Those who still want to curry fa­vor with pro-im­mig­ra­tion Re­pub­lic­ans say Obama shouldn’t in­ten­tion­ally ir­rit­ate the GOP with yet an­oth­er con­tro­ver­sial ad­min­is­trat­ive ac­tion. And still oth­ers who are eager to keep the White House listen­ing to them say that pres­sur­ing Obama to act on his own is akin to foul­ing one’s own nest, when the pres­id­ent’s op­pon­ents in Con­gress are in fact the ones at fault.

Most im­mig­ra­tion-re­form groups are some­where in the middle, in ef­fect ac­know­ledging that noth­ing they do will res­ult in either a big im­mig­ra­tion bill this year or dra­mat­ic ex­ec­ut­ive ac­tion. What’s most likely to hap­pen is that Obama will of­fer some type of de­port­a­tion fix at the end of the sum­mer, but not enough of one to be called massive re­lief for the people here il­leg­ally. That would leave those in the ad­vocacy com­munity in more or less the same place they are now, un­sat­is­fied and won­der­ing what to ask for next. 

“We’re fully fo­cused on pres­sur­ing Obama to ex­pand de­ferred ac­tion, but we don’t ex­pect it to be very much,” con­cedes Mario Car­rillo, spokes­man for United We Dream, an or­gan­iz­a­tion of im­mig­rant youth seek­ing ad­min­is­trat­ive ac­tion. “When that hap­pens, we’ll make sure our views are heard that it will not be enough.”

For the next Con­gress, the ad­vocacy strategy, such as it is, will de­pend al­most en­tirely on the res­ults of the midterms. If Latino voters can show they can swing at least a few elec­tions, as they did in 2014, they will have made a power­ful state­ment to any politi­cian seek­ing the White House: Be will­ing to fix im­mig­ra­tion, or we walk. That mes­sage will res­on­ate the most with GOP pres­id­en­tial can­did­ates, who will need His­pan­ic sup­port if they ex­pect to win a gen­er­al elec­tion. But it couldn’t hurt to pres­sure the Demo­crat­ic can­did­ates, either.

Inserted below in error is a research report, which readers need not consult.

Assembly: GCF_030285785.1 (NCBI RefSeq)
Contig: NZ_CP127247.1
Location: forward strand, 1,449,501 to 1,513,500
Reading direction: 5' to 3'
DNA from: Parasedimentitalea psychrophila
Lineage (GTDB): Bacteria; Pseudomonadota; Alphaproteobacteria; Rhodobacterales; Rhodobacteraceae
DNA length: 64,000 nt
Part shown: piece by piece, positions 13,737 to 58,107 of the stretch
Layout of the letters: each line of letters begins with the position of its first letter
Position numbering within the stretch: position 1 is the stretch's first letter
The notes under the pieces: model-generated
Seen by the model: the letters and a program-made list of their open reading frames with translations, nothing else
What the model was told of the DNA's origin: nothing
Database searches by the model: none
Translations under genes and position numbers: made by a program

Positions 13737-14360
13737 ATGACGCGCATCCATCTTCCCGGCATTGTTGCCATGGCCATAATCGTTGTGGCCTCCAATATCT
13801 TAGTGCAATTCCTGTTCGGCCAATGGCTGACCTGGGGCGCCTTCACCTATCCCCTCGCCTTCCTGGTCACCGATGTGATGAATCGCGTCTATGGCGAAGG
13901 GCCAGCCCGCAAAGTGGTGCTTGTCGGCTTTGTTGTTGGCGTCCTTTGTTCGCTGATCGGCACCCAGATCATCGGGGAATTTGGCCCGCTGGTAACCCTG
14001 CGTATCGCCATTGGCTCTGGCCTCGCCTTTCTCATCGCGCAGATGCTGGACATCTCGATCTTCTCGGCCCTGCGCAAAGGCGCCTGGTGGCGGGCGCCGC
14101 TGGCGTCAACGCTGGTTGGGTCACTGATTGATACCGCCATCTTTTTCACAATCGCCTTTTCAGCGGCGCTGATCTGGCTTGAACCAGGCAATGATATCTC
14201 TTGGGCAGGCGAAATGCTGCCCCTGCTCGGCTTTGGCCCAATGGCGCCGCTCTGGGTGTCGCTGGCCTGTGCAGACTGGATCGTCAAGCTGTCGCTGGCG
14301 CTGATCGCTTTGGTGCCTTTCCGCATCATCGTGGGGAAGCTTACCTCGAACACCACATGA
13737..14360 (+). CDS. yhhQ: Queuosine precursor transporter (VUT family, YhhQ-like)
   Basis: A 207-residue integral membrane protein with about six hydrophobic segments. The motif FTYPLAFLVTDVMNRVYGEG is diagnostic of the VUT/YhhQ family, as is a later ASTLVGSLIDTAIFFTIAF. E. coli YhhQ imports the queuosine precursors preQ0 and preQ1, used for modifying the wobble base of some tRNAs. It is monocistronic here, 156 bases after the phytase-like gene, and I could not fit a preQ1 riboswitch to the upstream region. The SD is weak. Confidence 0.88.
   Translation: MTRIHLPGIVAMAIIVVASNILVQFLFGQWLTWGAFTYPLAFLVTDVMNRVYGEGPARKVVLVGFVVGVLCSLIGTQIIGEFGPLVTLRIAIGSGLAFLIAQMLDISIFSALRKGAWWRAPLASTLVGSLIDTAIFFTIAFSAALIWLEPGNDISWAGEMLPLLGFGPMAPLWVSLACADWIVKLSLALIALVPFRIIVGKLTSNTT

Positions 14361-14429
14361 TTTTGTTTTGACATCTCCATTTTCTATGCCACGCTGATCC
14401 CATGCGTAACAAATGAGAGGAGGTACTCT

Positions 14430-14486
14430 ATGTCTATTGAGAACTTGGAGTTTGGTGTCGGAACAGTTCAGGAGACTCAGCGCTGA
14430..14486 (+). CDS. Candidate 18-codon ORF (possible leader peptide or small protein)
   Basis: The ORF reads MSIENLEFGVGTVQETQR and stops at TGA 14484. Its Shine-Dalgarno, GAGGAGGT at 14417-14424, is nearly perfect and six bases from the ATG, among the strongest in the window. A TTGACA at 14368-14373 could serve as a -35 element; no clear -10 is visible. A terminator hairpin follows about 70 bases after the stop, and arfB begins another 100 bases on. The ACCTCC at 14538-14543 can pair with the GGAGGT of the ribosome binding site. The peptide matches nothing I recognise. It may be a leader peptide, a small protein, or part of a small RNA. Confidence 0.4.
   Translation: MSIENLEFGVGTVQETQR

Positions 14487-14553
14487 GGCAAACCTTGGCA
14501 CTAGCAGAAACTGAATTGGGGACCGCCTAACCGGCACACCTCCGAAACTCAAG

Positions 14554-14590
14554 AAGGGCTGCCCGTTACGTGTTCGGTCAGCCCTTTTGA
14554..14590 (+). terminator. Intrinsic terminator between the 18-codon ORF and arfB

The prob­lems with re­ly­ing on the midterms are two­fold, as ad­voc­ates read­ily ad­mit. First, get­ting Latino voters to the polls this Novem­ber will not be as easy as it was in the last pres­id­en­tial elec­tion. Second, even if Latino voters make waves in 2014, they prob­ably will not hand law­makers a road map to fol­low. 

The lack of a clear and uni­fied ap­proach weak­ens the re­form move­ment. In­di­vidu­al play­ers will prob­ably struggle for a while as the over­all game plan shifts from what was solely a le­gis­lat­ive strategy to one that is, by ne­ces­sity, a mul­ti­pronged cam­paign to lever­age pres­sure from the White House to Con­gress and back. It makes for high-stakes man­euv­er­ing that no one en­tirely un­der­stands or can con­trol. The only real cer­tainty is that the is­sue won’t go away.

In the mean­time, those who want im­mig­ra­tion re­form con­tin­ue their protests, something Torres dis­dains. Protests com­mu­nic­ate just one thing, he says: “An­ger, an­ger, an­ger, an­ger.” An­ger, he adds, is not a policy solu­tion.